RTDs work on the principle that the electric resistance of a metal changes due to change in its temperature.
On heating up metals, their resistance increases and follows a linear relationship as shown in Figure.
The correlation is
where Rt is the resistance at temperature T (⁰C) and R0 is the temperature at 0⁰C and α is the constant for the metal termed as temperature coefficient of resistance. The sensor is usually made to have a resistance of 100 Ω at 0 °C
Construction of a Resistance temperature detector (RTD)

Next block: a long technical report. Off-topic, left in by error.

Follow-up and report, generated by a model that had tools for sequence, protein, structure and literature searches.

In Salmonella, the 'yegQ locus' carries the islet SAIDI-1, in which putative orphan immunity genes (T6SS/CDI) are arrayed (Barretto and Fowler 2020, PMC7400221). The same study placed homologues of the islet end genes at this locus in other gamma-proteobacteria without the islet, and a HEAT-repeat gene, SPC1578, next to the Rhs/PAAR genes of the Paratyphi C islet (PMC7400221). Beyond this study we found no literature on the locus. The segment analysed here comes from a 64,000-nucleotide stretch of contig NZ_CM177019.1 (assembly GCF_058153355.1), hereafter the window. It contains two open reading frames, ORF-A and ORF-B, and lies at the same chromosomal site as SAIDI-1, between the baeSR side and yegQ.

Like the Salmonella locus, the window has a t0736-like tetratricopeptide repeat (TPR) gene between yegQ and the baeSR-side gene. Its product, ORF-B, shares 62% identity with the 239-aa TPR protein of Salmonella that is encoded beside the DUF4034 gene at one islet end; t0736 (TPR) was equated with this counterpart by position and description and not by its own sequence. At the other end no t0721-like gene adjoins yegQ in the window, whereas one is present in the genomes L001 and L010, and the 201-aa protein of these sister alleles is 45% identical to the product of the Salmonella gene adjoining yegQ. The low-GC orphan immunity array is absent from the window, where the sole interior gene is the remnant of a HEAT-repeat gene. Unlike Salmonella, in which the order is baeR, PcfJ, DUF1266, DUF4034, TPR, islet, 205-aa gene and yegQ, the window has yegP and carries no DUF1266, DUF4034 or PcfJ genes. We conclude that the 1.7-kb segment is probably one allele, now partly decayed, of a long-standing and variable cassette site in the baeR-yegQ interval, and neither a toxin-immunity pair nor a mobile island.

The above Figure shows the construction of a RTD. It has a resistor element connected to a Wheatstone bridge. The element and the connection leads are insulated and protected by a sheath.
A small amount of current is continuously passing though the coil. As the temperature changes the resistance of the coil changes which is detected at the Wheatstone bridge.
RTDs are used in the form of thin films, wire wound or coil. They are generally made of metals such as platinum, nickel or nickel-copper alloys. Platinum wire held by a high-temperature glass adhesive in a ceramic tube is used to measure the temperature in a metal furnace.